Periodate as an Oxidant for Catalytic Water Oxidation: Oxidation via Electron Transfer or O-Atom Transfer?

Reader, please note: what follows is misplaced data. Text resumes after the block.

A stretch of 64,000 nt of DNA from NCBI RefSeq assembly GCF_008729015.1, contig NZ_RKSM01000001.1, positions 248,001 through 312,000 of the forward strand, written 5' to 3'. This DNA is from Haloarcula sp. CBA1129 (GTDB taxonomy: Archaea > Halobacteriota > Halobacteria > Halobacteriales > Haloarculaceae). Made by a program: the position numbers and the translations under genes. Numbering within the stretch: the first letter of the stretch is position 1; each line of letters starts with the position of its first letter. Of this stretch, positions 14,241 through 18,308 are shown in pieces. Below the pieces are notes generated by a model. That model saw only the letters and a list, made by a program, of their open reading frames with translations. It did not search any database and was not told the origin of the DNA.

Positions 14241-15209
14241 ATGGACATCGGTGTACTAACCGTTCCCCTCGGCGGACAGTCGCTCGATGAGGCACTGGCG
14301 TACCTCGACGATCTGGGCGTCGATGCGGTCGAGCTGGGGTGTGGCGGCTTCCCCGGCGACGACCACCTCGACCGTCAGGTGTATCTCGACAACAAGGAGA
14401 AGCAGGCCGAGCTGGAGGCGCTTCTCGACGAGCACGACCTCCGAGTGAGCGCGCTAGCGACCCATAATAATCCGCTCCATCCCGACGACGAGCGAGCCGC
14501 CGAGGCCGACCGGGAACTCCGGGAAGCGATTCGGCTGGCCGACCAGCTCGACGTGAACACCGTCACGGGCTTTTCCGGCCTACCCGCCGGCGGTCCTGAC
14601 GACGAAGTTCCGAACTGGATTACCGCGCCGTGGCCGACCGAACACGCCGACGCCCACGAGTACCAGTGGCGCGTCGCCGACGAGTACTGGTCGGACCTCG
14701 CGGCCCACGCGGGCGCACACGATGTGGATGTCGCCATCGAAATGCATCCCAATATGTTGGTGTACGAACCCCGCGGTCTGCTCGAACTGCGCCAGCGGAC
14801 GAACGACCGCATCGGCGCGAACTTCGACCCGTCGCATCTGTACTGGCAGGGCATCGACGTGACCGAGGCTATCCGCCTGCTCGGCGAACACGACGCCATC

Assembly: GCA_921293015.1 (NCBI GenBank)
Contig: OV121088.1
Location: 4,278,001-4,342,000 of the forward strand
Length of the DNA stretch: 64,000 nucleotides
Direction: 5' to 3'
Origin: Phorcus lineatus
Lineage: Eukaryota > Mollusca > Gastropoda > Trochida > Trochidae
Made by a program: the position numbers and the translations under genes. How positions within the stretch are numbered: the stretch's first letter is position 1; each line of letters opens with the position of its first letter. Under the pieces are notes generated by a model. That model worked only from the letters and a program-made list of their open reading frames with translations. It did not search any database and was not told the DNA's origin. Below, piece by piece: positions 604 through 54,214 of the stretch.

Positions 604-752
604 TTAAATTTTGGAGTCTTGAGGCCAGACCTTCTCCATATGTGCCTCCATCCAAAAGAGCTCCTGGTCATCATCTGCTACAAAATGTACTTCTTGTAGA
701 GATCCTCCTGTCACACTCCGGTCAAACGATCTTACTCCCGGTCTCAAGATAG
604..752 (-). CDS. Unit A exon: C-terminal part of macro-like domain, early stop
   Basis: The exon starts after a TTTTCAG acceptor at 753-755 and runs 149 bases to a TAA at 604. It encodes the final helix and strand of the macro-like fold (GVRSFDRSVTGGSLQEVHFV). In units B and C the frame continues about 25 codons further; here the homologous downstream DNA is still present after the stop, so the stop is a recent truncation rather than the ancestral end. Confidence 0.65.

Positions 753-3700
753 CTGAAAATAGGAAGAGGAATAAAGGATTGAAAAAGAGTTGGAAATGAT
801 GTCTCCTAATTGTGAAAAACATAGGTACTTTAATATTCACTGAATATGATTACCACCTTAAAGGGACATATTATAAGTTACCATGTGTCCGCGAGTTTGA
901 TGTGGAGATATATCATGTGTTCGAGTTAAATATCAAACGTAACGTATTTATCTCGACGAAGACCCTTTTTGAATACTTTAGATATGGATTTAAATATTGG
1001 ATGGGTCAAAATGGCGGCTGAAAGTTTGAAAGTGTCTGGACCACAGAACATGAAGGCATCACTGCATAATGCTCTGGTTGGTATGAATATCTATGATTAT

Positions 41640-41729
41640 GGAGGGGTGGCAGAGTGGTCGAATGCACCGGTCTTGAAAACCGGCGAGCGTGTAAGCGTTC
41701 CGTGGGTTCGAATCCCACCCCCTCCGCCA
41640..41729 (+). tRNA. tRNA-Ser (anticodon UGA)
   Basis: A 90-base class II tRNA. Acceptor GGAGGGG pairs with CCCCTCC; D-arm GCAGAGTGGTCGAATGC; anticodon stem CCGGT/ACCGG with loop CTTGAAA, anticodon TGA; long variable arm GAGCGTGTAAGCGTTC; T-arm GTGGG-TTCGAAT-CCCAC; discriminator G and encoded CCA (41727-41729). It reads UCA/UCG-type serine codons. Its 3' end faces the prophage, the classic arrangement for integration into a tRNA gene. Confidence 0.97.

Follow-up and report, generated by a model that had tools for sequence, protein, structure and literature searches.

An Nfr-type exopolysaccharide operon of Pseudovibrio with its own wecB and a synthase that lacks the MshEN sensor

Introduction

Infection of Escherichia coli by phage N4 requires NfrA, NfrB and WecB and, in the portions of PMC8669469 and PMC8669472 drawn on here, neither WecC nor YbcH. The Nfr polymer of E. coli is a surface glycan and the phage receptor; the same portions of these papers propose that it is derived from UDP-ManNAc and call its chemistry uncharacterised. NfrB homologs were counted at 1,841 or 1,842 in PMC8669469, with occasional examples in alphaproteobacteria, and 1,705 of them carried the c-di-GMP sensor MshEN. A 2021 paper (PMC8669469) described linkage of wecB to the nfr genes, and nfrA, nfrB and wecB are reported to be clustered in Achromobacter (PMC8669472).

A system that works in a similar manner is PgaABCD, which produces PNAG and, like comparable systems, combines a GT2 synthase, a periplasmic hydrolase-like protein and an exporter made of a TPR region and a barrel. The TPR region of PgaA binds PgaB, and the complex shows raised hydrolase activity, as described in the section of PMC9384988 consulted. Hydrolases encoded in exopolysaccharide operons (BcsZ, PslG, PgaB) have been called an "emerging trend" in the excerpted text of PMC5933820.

Treatment of Ir(OH)2 with sodium periodate in aqueous solution results in formation of dioxygen following the rate law v = kobs[Ir]0.65[IO4]0.5, with kobs = 1.5 × 10–3 {Ir(OH)2 = [IrCp*(Me2NHC)(OH)2], where Me2NHC = N-dimethylimidazolin-2-ylidene and Cp* = cyclopentadienyl}. In situ ESI-MS experiments in combination with DFT calculations show that [IrIII(IO3)]+ and [IrV(=O)(IO3)]+ species are present in the reaction mixture. On the basis of the presence of these species, a mechanistic pathway was calculated illustrating that water is not necessarily the source of the oxygen. A low-lying pathway exists wherein O2 production proceeds via two consecutive O-atom-transfer reactions from periodate to the catalyst. The resulting iodite ligand is further oxidized to close the catalytic cycle. The rate-determining step in this process is formation of the O–O bond. For this transition a 21.8 kcal/mol barrier was found. This value fits very well with the observed turnover frequency of 0.27 s–1. Although it is difficult to prove that this is the dominant pathway, these data clearly illustrate that one has to be very careful with interpretation of catalytic results in periodate-driven water oxidation reactions.